Tilt-shift lenses from Canon and Nikon can be
used to create dynamic close-ups with lots of wiggle room for focus adjustments.

When shooting macro photographs handheld, it's important to keep in mind that camera shake becomes increasingly evident as you get closer to your subject. As such, it's always a good idea to use a tripod or monopod to ensure sharper results when shooting life-size close-ups. And if the lens you are interested in is available with image stabilization, strongly consider the additional cost. When shopping for a macro lens—or any new lens for that matter—always check to ensure that the lens you are interested in will function properly with  your current camera.

Macro Lenses

  Format Compatibility Max. Mag. AOV Min. Focus Image Stabilized Filter Size
Nikon AF Micro 60/2.8D Full-Frame / APS-C 1:1 39°/26° 0.72' (0.22m) No 62mm
Nikon AF-S Micro-Nikkor 60/2.8G ED                          Full-Frame / APS-C 1:1 39°/26° 0.6' (0.18m) No 62mm
Nikon AF-S DX Micro-Nikkor 85/3.5G ED VR        APS-C 1:1 18° 1.0' (0.3m) Yes 52mm
Nikon AF Micro-Nikkor 105/2.8G ED-IF AF-S VR  Full-Frame / APS-C 1:1 23°/15° 1.0' (0.3m) Yes 62mm
Nikon AF Micro-Nikkor 200/4D IF-ED  Full-Frame / APS-C 1:1 12°/8°  1.6' (0.487m) No  62mm
Nikon PC-E Micro Nikkor 45/2.8D ED  Tilt-shift Full-Frame / APS-C 1:2 51°/35°  0.83' (0.25m) No  77mm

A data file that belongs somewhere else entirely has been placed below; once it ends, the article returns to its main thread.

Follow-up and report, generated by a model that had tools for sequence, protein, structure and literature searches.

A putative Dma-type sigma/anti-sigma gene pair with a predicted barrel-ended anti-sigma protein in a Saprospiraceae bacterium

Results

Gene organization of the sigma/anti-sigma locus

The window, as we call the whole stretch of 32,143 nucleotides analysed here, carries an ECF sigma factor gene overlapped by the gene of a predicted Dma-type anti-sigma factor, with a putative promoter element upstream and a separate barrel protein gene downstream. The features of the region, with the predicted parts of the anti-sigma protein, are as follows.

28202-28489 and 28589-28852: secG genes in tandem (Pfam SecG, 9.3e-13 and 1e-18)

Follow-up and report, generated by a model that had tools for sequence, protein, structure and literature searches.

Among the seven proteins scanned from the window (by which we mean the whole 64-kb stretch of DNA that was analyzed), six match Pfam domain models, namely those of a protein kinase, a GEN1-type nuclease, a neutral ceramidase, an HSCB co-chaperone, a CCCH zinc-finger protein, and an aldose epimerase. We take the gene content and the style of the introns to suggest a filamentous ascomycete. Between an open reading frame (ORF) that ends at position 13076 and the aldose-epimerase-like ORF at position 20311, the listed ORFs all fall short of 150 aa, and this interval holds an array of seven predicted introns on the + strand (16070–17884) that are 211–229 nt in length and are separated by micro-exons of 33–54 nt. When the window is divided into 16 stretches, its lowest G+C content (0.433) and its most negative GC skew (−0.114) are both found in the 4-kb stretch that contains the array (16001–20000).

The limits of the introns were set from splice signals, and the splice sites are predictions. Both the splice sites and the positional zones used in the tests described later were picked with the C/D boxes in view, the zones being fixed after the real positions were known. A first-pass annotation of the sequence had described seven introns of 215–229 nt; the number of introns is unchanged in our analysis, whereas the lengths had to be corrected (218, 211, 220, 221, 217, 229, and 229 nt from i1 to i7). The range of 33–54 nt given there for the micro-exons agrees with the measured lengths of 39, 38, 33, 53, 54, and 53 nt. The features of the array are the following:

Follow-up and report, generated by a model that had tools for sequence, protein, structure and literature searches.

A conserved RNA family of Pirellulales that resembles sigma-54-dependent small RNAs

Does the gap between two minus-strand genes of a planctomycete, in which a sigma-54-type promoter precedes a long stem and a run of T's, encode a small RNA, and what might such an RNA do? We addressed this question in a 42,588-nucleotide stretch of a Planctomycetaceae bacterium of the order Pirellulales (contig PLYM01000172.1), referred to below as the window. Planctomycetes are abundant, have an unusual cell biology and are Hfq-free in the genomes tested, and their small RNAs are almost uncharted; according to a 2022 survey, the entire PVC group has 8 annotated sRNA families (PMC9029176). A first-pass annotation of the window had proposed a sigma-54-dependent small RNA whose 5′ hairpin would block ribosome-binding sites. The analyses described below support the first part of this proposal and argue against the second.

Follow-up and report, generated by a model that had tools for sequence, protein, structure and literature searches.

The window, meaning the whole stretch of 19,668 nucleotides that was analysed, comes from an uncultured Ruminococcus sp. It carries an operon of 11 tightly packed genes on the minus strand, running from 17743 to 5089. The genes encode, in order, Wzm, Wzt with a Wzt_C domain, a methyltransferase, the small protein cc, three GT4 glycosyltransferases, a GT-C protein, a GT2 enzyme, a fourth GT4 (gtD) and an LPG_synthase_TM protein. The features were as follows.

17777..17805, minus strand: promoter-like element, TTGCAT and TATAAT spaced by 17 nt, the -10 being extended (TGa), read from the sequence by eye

Nikon PC-E Micro-Nikkor 85/2.8 Tilt-shift  Full-Frame / APS-C 1:2 28°/18°  1.3' (0.396m) No  77mm 
Canon EF 50/2.5 Compact Macro Full-Frame        APS-H APS-C 1:2 46°/37°/30°  0.8' (0.23m) No 52mm
Canon EF-S 60/2.8 Macro USM  APS-C  1:1  24°  7.8" (0.198m)  No  52mm 
Canon Macro Photo MP-E 65/2.8  Full-Frame        APS-H APS-C 5:1  18°/14°/11°  0.8' (0.23m) No  58mm 
Canon EF 100/2.8 USM Macro  Full-Frame        APS-H APS-C 1:1  23°/19°/15°  0.97' (0.3m) No  58mm 
Canon EF 100/2.8L Macro IS USM                              Full-Frame        APS-H APS-C 1:1   23°/19°/15°  0.97' (0.3m)  Yes  67mm 
Canon EF 180/3.5L Macro USM   Full-Frame        APS-H APS-C 1:1  13°/10°/8°  1.6' (0.48m) No  72mm 
Sony 30/2.8 DT AF Macro APS-C 1:1  50° 5.1" (0.0129m) In camera  49mm 
Sony 50/2.8 Macro Full-Frame / APS-C 1:1  32° 7.9" (0.2m)  In camera  55mm
Sony 100mm/2.8 AF Macro Full-Frame / APS-C 1:1  24°/16°  13.8" (0.35m) In camera  55mm 
Pentax SMCP-DA 35mm/2.8 Macro Limited APS-C  1:1  44°  5.5" (0.14m) In camera  49mm